The Undecided Philosopher

The ideas and rants of a former philosopher and a present-day geek....Enjoy!

Tuesday, March 03, 2009

Strangeness arrives from a familiar device...

I had such a strange experience this morning I decided it was worthy of its own small entry in the blog process for this trip. I do not consider myself an isolationist and I certainly understand that their are significant differences from country to country and culture to culture. Needless to say, I understand that the United States does not represent the only perspective on how to do things. Have a meal; order a coffee; take a cab anywhere outside of the US and you will soon realize there are numerous other ways to do things in this world; some better and some worse. I like to think I found an example today of the wrong way to do things. Selfishly I believe the US has it right.

In the interest of time and money, I decided not to renew my internet connection in the room this morning. It is 25 Euro per 24 hours, and i wanted to allow myself some overlap tonight and tomorrow so I decided to avoid the charge this morning and go up to the public business center to check my email via web browser and surf for a few things. The hotel has a few very nice Sony Vaio PCs running MS Vista, so I assumed it would be an easy task to jump online, check a few things, and take off for the morning. As I sat down and began to type, I quickly realized something was very, very wrong. It took me a few minutes to change the browser to support English, and that was to be expected. What I didn't expect was to find the keyboard a jumbled mess of letters and characters I didn't recognize or understand. I don't know why I didn't know that France, and I am in turn assuming other parts of Europe and the world, have different, non-QWERTY versions of computer keyboards. This particular keyboard had all the normal english letters and numbers I was accustomed to see, but they weren't where they were supposed to be. As I typed normally, M's became N's and the Q was a row down, taking the place of the A. The numbers across the top were not the primary keys. There were 3 characters per key and two different function keys to use them. It honestly took me 5 minutes to figure out how to type an @ symbol. I never did find a DELETE key. Frustration quickly ensued and I suffered through long enough to look at my email, realize there was nothing I had to act on immediately, and then turn and leave as quickly as possible.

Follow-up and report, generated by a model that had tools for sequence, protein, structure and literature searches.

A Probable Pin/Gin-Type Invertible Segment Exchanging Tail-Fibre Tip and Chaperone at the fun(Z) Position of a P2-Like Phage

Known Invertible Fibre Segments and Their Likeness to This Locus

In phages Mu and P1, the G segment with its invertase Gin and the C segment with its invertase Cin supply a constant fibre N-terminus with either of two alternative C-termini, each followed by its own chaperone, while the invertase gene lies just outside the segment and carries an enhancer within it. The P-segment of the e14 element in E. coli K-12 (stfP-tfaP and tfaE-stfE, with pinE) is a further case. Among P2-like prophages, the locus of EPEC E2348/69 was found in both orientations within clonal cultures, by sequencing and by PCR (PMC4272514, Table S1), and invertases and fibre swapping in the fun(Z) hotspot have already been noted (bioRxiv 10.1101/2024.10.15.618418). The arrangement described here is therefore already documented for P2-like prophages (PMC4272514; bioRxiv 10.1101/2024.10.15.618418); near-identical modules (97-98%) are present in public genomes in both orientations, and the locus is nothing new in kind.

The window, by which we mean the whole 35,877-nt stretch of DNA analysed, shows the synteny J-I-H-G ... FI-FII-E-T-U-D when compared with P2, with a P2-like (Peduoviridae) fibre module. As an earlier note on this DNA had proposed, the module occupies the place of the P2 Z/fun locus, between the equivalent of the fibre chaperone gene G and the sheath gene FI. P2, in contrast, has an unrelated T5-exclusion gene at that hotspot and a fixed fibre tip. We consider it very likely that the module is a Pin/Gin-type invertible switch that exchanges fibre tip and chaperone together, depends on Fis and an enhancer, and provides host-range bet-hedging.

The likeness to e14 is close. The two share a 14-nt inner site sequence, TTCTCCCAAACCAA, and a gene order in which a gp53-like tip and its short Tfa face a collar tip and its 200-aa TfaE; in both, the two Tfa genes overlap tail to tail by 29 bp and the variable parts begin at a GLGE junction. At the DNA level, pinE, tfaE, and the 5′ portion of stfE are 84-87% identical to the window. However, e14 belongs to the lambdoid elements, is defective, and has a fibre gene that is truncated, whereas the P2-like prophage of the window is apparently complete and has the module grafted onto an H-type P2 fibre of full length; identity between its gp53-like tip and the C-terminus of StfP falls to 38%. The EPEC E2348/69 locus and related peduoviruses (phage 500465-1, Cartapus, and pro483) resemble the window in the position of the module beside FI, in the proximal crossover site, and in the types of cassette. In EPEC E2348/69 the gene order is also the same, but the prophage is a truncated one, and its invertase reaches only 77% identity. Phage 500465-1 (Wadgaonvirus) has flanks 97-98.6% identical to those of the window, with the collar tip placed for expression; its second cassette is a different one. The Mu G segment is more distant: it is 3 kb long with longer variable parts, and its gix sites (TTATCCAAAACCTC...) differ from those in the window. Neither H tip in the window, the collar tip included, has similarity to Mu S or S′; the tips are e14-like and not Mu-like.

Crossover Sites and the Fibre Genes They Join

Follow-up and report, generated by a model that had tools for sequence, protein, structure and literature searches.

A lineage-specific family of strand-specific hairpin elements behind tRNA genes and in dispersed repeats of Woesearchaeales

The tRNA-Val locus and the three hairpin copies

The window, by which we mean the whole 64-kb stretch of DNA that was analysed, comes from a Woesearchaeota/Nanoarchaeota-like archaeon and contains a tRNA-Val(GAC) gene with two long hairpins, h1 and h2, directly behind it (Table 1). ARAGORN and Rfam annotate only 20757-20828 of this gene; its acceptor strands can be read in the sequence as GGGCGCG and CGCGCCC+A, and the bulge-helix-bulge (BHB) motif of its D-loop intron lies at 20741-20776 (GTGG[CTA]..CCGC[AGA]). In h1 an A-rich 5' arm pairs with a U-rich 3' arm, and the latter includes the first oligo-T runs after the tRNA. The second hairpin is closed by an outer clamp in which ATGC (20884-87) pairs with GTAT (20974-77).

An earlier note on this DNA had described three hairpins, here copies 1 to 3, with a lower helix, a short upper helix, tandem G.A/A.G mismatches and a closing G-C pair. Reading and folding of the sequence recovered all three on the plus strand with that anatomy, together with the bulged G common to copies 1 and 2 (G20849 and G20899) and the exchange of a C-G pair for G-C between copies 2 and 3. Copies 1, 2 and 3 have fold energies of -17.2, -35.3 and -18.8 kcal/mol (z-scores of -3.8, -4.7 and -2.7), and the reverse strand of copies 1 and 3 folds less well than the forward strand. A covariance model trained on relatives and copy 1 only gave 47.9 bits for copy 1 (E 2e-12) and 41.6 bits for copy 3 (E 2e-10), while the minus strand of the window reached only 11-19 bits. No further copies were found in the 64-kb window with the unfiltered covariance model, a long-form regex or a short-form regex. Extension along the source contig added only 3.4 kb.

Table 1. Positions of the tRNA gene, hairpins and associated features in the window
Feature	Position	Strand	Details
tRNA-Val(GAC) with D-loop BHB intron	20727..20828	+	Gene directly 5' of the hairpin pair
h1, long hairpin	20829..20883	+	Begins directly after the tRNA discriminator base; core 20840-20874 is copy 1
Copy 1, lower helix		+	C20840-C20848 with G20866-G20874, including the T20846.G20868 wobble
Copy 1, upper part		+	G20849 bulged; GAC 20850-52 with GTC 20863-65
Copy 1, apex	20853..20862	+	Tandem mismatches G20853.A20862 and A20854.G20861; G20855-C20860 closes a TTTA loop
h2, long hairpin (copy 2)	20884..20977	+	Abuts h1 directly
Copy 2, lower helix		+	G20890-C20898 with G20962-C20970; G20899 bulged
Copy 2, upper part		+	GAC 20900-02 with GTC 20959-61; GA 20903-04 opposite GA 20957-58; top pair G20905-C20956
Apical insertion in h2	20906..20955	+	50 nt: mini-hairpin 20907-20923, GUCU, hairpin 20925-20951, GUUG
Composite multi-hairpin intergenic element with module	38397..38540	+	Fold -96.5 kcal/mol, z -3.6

I have worked with and around computers for nearly 20 years and never have I felt so inept and lost as I did this morning attempting to type on that computer. I think the only saving grace was that the mouse worked the same way. I suppose despite my self-perceived enlightened attitude, I am still an ignorant American, working under the assumption we are far superior in every way, at least when it comes to typing.

The evil keyboard in question....


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